Indiana, Utah Accidents Highlight Health Hazards of Mining

Three miners were killed when they plunged down an airshaft in Indiana. And, with six miners trapped underground for several days in Utah’s Crandall Canyon, the dangerous business of professional mining is once again highlighted.

Although statistically speaking, mining is much safer today than it was 30 years ago (242 miners died in accidents in 1977, compared to 72 in 2006), it’s still considered one of the most dangerous jobs in the U.S., according to statistics from the Mine Safety and Health Administration.

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In mining accidents, injuries are can be caused by collapsed walls, falling debris, and suffocation caused by the inhalation of dirt and other airborne particles, as well as carbon monoxide and methane gas poisoning.

In one of the worst mining accidents of modern times, 12 miners on a 13-member crew died of carbon monoxide poisoning following the Jan. 2006 explosion at the Sago mine in West Virginia. Officials say the poisoning occurred when the miners air bags failed.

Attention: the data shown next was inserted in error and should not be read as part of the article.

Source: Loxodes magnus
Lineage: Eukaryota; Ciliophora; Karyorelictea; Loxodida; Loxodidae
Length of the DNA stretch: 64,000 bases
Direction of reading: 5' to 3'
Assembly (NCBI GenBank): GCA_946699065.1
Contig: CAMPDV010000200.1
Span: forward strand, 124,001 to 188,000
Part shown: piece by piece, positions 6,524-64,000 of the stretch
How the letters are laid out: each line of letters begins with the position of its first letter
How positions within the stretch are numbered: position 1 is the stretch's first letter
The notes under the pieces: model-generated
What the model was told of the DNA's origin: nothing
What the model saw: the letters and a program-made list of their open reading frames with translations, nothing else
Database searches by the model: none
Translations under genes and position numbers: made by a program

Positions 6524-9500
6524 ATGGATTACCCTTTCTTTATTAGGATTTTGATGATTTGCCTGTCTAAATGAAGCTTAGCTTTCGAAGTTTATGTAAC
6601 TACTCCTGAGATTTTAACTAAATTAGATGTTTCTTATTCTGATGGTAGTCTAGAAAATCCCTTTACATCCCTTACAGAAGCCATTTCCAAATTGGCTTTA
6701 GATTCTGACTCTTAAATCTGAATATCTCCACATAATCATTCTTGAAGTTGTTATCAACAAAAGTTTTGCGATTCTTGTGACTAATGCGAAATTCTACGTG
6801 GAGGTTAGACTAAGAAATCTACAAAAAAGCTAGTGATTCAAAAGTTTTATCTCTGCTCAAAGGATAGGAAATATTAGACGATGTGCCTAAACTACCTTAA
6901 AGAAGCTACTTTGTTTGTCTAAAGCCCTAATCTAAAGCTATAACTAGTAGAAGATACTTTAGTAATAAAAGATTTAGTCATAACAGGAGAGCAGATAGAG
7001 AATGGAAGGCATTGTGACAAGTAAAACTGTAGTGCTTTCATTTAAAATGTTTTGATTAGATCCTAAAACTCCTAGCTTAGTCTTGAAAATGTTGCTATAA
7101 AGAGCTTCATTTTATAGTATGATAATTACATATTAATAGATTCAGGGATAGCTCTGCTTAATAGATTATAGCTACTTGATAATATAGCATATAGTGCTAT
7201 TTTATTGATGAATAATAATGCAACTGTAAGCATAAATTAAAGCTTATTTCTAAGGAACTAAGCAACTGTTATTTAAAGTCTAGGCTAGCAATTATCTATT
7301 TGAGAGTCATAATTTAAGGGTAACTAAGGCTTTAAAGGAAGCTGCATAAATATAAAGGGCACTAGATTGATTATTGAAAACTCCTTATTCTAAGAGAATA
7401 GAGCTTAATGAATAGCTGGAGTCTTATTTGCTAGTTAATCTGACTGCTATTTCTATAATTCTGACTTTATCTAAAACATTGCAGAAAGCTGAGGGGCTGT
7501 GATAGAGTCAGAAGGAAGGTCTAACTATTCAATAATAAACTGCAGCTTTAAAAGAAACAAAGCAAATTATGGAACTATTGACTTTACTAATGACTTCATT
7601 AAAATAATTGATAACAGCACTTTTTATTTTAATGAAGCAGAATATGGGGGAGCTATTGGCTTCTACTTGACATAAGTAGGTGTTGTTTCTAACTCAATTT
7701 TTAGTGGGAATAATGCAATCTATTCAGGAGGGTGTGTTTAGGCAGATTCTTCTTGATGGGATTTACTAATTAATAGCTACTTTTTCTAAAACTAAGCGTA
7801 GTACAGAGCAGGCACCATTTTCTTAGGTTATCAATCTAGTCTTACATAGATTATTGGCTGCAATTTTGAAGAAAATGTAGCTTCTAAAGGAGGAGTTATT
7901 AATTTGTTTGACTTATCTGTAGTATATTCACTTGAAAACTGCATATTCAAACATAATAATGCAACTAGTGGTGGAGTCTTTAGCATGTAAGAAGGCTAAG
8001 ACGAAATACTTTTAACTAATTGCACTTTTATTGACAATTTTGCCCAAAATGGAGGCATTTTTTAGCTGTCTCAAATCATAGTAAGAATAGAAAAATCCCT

The lone survivor, Randall McCloy Jr. miraculously lived despite inhaling carbon monoxide for 41 hours. A hyperbaric chamber was later used to remove the CO from his bloodstream.

Dr. Manny Alvarez, managing editor of health for, said initially miners trapped from explosions or cave-ins are at risk of sustaining "crush" injuries. These can include injuries to the head, neck, abdomen and outer extremities.

Cave-ins sometimes can confine miners to small spaces that can result in a limited oxygen supply, as well as exposure to carbon monoxide.

"Carbon monoxide is very dangerous because it can quickly damage the lungs and other organs," said Alvarez. "Even if a person does survive exposure, CO also can permanently damage the brain, which is another major concern."

Confinement also can result in blood clots to the legs, which can travel to the heart or result in a pulmonary embolism in the lungs.

"This is the unfortunate incident that we witnessed with David Bloom, the NBC News correspondent who died of a pulmonary embolism when he was embedded with the troops covering the war in Iraq," said Alvarez.

At Crandall Canyon, in Huntington, Utah, officials have said there is no indication of carbon monoxide or methane in the mine. But the miners, who are trapped underneath at least 1,500-feet of rock, may have been injured in the collapse itself.

Government mine inspectors have issued 325 citations against the Crandall mine since January 2004, according to an analysis of federal Mine Safety and Health Administration online records. Of those, 116 were what the government considered "significant and substantial," meaning they are likely to cause injury.

This article was reviewed by Dr. Manny Alvarez